An international group of scientists reveals the mystery about the origin of gold
An international group of scientists, with the participation of the University of Granada (UGR), has shed new light on the origin of gold, one of the most intriguing mysteries for Mankind since ancient times and which even today doesn't have an answer that convinces the scientific community.
Their work, which has been recently published in the renowned Nature Communications journal, has established that the gold came to the Earth's surface from the deepest regions of our planet. Thus, the Earth's set of internal movements would have favored the ascent and concentration of the precious metal.
The researchers have found evidence of said process in the Argentinean Patagonia, which in addition represents the first register of gold found under the South American continent, specifically at a depth of 70 kilometers.
The researchers belong to various universities from Chile, Australia and France, and among them there's also José María González Jiménez, a Ramón y Cajal researcher from the Department of Mineralogy and Petrology at the University of Granada.
The UGR researcher reminds that the interior of the Earth is divided into three large layers: crust, mantle and core. "The minerals we extract and which support our economy are located in the crust. And, although we are experts in taking advantage of them, we still know very little about their true origin. The search for gold has motivated migrations, expeditions and even wars, but its origin is one of the main questions in the field of mineral deposits genesis".
The mantle is the layer separating the nucleus from the crust in which we all live, and its upper limit is located at about 17 kilometers under the oceans and 70 kilometers under the continents. "This distance is unreachable for Mankind, since we don't possess the means for reaching the mantle and thus knowing more about it in a direct way yet", the UGR researcher notes.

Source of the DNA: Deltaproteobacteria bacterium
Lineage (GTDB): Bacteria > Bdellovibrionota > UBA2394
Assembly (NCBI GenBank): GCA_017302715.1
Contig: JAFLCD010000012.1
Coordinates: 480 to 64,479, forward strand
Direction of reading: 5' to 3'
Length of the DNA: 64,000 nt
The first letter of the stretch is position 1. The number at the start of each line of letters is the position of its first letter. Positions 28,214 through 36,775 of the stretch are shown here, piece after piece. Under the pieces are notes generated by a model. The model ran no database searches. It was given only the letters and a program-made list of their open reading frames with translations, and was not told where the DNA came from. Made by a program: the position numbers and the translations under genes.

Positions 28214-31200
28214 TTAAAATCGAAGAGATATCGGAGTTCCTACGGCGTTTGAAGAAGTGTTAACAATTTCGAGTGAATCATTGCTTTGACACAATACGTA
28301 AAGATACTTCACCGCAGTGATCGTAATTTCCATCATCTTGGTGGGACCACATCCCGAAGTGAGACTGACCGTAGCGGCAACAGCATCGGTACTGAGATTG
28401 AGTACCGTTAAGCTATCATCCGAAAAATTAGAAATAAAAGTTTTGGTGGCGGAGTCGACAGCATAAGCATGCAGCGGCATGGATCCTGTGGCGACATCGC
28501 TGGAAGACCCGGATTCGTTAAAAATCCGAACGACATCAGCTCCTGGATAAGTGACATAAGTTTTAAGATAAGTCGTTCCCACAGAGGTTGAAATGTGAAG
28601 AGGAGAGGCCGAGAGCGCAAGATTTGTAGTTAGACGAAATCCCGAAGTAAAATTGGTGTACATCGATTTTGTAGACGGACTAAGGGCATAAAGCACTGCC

Nevertheless, the mantle can reach us thanks to volcanic eruptions, which bring with them small fragments, or 'xenoliths', from the mantle under the continents to the surface.
Those rare xenoliths are the ones that have been studied in this research. In them, the researchers have found tiny native gold particles, whose thickness is that of a human hair and whose origin is the deep mantle.
Research at the Deseado Massif
The focus of the research has been the region of the Deseado Massif at the Argentinean Patagonia, one of the largest auriferous provinces in the whole planet and whose gold mines are still being exploited.
Since the concentration of gold at that spot in the crust is very high the researchers have been able to figure out why mineral deposits are limited to some specific regions of the planet. Their hypothesis is that the mantle under that region is unique: it has a tendency to generate gold deposits on the surface due to its history.
"Said history dates back 200 million years, when Africa and South America were part of the same continent -González Jiménez says-. Their separation was caused, among other factors, by the ascent of a 'mantle plume' from the deep mantle, which broke the crust (much thiner and fragile) and caused the separation of the two continents. The ascent of said deep mantle plume generated a true chemical factory that enriched the mantle with metals, which would later generate the conditions for the creation of gold deposits. This time the process was caused by the movement of a tectonic plate under another, allowing the circulation of metal-rich fluids through the cracks, which precipitated the metals and concentrated them near the surface".
The findings of the research team shed new light on the formation of mineral deposits, which are generally attributed to an origin in the crust itself, without taking into account the role of a deeper root from the mantle.
This new scientific evidence could contribute to a more advanced exploration of deposits that takes into account not only surface images or 'radiographies' of the crust for their search, but also studies the depths of the mantle, a region where the origin of one of the metals that has allured our species the most could be traced to.
1. Tassara, S.; González-Jiménez, J. M.; Reich, M.; Schilling, M. E.; Morata, D.; Begg, G.; Corgne, A. (2017). Plume-subduction interaction forms large auriferous provinces. Nature Communications, 8(1), 843. DOI: https://doi.org/10.1038/s41467-017-00821-z
José María González Jiménez
Related Journal Article